Sustainable Catalysis: With Non-endangered Metals, Parts 1 and 2 Editor: Michael North

About this book

Catalysis is a fundamentally sustainable process which can be used to produce a wide range of chemicals and their intermediates. Focussing on those catalytic processes which offer the most sustainability, this two-part book explores recent developments in this field, as well as examining future challenges. Focussing on catalysis through non-endangered metals, chapters are dedicated to the most important sustainable metals in catalysis: titanium, iron and aluminium. Remaining chapters examine several other important metals. Green aspects of the various reactions are also discussed, such as atom economy and use of green solvents and other reaction conditions. Together with "Sustainable Catalysis: Without Metals or Other Endangered Elements", these books examine the progress in sustainable catalysis in all areas of chemistry, and are an important reference for researchers working in catalysis and green chemistry.

From the book series:
Green Chemistry Series

Book content

  • Introduction
  • Alkali metal (Li, Na, K)-based Catalysts
  • Magnesium and Calcium-based Catalysts
  • Scandium and Yttrium-based Catalysts
  • Titanium-based Catalysts for Non-asymmetric Synthesis of Small Molecules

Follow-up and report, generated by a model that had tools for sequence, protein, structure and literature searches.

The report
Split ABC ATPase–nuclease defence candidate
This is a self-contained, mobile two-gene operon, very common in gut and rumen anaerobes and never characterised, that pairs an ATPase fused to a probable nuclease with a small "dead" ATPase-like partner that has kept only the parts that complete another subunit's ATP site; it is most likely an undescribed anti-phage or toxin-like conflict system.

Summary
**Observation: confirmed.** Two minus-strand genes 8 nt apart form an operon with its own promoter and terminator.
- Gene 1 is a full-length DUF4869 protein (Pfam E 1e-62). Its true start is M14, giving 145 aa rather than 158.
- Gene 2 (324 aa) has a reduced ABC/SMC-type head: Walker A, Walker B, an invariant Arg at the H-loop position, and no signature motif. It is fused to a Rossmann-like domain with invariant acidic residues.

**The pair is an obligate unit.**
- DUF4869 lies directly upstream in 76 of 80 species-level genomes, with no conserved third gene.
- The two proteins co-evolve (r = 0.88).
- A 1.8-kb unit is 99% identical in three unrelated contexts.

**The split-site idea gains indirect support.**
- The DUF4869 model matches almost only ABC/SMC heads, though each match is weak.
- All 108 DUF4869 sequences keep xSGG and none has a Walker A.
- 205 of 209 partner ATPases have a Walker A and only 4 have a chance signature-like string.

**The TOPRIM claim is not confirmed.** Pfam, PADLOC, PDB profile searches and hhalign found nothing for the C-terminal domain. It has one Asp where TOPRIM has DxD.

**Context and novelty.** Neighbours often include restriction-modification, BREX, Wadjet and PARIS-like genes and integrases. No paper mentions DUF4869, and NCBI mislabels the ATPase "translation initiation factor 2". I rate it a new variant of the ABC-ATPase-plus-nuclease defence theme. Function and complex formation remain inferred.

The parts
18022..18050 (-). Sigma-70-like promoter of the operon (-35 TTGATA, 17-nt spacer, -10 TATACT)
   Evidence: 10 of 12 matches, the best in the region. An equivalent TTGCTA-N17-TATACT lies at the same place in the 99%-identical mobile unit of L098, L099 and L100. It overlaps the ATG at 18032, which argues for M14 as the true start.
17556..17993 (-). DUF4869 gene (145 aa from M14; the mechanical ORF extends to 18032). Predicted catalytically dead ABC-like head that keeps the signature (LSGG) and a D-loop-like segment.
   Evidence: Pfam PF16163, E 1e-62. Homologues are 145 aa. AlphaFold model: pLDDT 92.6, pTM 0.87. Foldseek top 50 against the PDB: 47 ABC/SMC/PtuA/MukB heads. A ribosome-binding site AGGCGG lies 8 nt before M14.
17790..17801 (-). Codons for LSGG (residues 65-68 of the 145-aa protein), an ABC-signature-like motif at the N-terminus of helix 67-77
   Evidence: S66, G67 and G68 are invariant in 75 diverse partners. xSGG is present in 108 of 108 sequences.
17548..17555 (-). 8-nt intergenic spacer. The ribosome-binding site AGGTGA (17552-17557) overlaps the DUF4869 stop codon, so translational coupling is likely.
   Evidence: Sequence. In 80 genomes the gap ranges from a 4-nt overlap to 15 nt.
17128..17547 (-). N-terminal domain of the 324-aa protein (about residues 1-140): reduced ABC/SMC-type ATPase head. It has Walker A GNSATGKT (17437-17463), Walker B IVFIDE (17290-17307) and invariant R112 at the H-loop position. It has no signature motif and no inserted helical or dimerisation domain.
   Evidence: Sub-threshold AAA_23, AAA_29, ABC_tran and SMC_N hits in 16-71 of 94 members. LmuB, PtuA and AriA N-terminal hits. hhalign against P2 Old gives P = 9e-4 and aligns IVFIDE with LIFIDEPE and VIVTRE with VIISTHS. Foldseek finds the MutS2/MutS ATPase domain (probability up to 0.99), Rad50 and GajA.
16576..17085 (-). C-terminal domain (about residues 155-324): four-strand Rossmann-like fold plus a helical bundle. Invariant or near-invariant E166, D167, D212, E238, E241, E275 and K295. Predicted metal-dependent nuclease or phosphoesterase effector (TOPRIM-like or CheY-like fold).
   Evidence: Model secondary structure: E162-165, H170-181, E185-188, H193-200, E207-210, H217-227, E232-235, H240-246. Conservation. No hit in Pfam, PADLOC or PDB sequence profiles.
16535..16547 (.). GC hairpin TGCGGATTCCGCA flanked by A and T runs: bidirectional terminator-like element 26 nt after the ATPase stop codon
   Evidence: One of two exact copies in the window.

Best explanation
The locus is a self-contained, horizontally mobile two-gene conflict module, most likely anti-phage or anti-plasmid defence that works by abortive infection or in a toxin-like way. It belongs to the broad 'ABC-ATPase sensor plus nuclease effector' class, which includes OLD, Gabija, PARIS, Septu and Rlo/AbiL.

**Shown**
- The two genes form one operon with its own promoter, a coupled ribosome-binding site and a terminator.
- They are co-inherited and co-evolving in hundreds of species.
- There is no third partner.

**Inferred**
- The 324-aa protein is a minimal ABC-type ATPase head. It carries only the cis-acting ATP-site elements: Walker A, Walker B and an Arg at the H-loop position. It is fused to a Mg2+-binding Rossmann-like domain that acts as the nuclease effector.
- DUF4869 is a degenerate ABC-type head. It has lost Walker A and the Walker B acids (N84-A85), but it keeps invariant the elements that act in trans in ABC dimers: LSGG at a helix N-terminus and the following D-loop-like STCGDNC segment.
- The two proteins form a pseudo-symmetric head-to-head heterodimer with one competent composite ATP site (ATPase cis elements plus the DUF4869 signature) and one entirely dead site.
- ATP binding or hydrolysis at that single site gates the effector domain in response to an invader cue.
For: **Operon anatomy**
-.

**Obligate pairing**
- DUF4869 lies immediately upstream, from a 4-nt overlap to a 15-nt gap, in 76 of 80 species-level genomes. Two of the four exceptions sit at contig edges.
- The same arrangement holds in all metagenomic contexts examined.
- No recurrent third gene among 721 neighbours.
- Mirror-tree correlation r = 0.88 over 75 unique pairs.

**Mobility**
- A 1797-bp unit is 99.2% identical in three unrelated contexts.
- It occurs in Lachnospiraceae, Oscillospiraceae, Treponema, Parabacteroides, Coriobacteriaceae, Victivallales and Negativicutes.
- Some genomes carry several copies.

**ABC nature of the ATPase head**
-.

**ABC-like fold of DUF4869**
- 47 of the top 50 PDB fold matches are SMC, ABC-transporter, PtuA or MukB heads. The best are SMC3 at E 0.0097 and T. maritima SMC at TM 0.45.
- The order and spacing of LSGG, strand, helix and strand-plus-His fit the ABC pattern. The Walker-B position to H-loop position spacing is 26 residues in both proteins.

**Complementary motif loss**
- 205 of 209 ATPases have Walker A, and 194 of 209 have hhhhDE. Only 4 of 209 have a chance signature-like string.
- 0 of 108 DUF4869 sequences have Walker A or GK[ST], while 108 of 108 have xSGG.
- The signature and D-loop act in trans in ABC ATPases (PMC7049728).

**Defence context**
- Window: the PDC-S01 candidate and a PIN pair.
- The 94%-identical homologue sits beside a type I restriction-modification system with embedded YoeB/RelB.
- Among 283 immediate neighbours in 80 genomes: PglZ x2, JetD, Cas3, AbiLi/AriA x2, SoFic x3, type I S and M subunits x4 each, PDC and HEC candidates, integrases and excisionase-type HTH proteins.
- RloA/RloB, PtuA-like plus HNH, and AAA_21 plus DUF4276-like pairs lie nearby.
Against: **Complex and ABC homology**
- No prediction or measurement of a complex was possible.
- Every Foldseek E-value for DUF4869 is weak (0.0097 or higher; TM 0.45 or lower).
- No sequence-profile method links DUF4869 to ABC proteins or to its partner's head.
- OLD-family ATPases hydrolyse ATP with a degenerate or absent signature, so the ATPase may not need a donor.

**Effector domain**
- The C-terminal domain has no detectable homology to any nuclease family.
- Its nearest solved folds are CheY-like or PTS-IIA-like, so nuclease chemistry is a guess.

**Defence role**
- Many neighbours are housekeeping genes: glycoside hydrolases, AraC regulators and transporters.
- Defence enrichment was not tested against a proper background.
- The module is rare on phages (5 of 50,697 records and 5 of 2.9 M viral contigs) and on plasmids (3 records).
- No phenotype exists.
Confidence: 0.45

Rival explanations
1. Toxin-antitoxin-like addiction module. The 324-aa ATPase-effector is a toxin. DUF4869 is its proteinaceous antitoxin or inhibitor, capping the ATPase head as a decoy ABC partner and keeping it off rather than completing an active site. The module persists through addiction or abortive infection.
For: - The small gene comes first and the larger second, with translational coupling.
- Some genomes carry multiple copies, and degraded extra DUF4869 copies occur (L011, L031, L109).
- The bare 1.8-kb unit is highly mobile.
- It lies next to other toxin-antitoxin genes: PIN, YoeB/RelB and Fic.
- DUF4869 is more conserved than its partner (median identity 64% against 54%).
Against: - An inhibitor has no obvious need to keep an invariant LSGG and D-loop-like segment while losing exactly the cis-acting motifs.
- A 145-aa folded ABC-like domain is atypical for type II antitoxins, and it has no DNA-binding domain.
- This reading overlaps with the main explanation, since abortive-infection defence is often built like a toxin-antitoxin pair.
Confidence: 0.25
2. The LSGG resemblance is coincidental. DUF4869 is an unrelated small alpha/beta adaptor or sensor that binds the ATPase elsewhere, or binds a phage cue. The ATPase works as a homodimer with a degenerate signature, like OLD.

• Titanium-based Catalysts for Polymer Synthesis
  • Titanium-based Catalysts for Asymmetric Transformations
  • Zirconium-based Catalysts
  • Vanadium and Niobium-based Catalysts
  • Chromium-based Catalysts
  • Manganese-based Catalysts
  • Metallic Iron, Iron Oxides and Iron Salt-based Catalysts
  • Iron Complex-based Catalysts
  • Nickel-based Catalysts
  • Copper-based Catalysts
  • Gold-based Catalysts
  • Cadmium-based Catalysts
  • Aluminium-based Catalysts for Non-asymmetric Transformations
  • Aluminium-based Catalysts for Asymmetric Transformations
  • Thallium-based Catalysts
  • Tin-based Catalysts
  • Lead-based Catalysts
  • Index.
This book is print only

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This book contains 816 pages.

Publication details

Print publication date
16 Nov 2015
Copyright year
Print ISBN

Author information

Michael North holds the Chair in Green Chemistry at the University of York. He is also Joint Chair of the CO2Chem, an EPSCR-supported Grand Challenge Network examining CO2 chemistry. His research interests are in green organic chemistry, especially sustainable catalysis and the utilization of sustainable feedstocks including CO2.